By David Ellis from vintnews.
Among the fastest growing wines in terms of new plantings in Australia is Tempranillo, an easy-drinking medium-bodied and fruity red that was first planted here in the early 1900s, waned, and was resurrected again with more serious intent around the 1980s.
Today this native of Spain is grown in all major Australian regions by some 200 or more producers, with one to look for being the NSW Riverina’s Calabria Family Wines’ Cool Climate Series that’s made from fruit from the Hilltops area near Young.
Full of varietal cherry and plum fruit flavours, a touch of leatheriness and with a mild clove spiciness, it’s an excellent example of just why Tempranillo has really taken off among drinkers in the past five years or so.
Winemaker Bill Calabria used only hand-harvested fruit for this drop that’s so well-priced at just $15. Enjoy it simply with tapas or other light snacks, or main courses of anything from chorizo sausages to roast chicken or rack of lamb (as it is in its home-country Spain,) or even think more-Mexican tacos, nachos or burritos.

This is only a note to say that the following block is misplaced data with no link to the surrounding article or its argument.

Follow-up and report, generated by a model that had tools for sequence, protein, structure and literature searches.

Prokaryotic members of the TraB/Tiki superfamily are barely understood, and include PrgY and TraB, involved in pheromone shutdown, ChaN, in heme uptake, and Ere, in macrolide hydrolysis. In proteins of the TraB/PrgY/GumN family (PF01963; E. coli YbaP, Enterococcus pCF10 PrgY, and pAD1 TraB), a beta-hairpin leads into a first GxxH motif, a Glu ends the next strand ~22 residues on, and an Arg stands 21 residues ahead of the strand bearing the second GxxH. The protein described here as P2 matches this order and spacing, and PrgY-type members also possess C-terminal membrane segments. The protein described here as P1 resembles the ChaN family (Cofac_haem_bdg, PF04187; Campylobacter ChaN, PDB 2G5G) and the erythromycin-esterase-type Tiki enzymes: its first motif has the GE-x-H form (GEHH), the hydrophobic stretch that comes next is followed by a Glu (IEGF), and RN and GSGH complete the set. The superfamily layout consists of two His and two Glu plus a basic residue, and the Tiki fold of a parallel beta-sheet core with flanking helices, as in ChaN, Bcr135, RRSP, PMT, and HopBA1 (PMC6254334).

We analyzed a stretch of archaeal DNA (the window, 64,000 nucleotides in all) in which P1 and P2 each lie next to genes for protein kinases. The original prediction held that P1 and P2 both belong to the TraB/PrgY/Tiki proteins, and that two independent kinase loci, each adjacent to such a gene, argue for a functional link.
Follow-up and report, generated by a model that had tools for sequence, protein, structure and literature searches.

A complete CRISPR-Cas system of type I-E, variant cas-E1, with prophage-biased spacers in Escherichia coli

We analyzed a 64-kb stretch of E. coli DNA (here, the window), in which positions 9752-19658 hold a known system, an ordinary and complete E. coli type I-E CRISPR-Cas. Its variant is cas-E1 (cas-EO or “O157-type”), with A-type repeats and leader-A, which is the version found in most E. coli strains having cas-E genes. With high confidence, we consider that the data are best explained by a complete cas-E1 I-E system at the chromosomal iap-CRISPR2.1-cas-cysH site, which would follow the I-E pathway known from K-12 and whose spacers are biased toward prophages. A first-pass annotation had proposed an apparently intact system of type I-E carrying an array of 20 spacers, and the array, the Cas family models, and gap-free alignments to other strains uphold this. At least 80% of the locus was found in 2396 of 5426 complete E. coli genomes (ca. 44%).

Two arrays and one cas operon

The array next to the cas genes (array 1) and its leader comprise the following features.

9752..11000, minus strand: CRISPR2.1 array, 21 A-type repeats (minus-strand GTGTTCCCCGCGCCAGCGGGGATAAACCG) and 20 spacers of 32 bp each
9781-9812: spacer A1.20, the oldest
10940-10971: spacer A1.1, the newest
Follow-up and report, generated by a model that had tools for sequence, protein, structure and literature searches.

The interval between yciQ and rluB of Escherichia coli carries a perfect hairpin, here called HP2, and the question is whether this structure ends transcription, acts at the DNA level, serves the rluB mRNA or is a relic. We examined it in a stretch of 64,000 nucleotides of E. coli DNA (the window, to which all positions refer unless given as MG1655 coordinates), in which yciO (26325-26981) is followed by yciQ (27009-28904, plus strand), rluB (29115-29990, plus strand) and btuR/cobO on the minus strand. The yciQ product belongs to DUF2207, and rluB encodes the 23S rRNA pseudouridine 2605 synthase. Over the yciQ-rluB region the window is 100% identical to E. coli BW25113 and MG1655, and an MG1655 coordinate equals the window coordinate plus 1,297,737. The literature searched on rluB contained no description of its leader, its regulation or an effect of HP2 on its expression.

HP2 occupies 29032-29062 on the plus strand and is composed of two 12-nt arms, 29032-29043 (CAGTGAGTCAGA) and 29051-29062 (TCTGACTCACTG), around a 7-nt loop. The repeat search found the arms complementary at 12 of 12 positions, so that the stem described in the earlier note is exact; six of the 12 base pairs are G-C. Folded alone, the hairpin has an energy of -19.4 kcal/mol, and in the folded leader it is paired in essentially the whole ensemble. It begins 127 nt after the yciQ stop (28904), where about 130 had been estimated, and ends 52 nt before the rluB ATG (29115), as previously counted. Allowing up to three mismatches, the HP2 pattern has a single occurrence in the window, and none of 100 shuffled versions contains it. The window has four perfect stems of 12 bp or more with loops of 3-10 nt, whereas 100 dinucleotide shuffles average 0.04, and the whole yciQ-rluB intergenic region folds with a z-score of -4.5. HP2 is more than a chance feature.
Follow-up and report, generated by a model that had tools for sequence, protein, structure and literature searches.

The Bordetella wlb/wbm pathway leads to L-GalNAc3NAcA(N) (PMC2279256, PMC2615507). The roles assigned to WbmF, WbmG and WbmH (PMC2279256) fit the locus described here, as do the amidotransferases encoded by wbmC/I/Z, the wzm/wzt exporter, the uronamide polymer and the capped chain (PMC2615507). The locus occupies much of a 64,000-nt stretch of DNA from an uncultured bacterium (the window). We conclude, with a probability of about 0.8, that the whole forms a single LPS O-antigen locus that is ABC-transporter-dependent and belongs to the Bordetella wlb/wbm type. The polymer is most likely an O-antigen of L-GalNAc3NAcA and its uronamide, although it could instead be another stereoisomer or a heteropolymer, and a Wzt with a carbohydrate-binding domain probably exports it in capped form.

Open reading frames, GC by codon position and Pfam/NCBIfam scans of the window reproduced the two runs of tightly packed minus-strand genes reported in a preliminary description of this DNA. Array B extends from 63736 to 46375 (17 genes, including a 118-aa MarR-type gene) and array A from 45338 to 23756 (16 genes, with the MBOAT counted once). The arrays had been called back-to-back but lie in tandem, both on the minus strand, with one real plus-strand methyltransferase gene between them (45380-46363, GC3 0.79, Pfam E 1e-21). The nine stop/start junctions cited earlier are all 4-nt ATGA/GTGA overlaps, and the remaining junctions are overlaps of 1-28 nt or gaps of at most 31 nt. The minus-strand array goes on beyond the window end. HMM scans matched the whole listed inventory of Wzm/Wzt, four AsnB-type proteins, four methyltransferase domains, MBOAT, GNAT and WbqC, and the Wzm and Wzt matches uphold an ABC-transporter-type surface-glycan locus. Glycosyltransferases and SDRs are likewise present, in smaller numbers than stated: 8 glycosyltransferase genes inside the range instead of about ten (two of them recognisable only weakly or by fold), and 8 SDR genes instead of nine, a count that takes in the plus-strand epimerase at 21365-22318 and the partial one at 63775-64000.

One to note: we’ve long had a fondness for Sauvignon Blanc, and while most think of it as a purely summer-drinking wine, there are plenty of reasons to put it on the table with winter-time meals too.
Or simply to enjoy it on its own.
A full-of-flavour Sauv Blanc that’s currently on the shelves is Blossom Hill’s 2015 made from fruit sourced from across South Eastern Australia. All about crisp and zesty fresh citrus flavours, this one’s nicely accompanied by tropical and passionfruit aromas that make for a rewarding drop at just $13 a bottle.
An ideal match is with Thai green curry, while you’ll also find it pairs well with Greek and Mexican dishes that have plenty of tomatoes, green onions, olives and feta.
And even simply with fish and chips.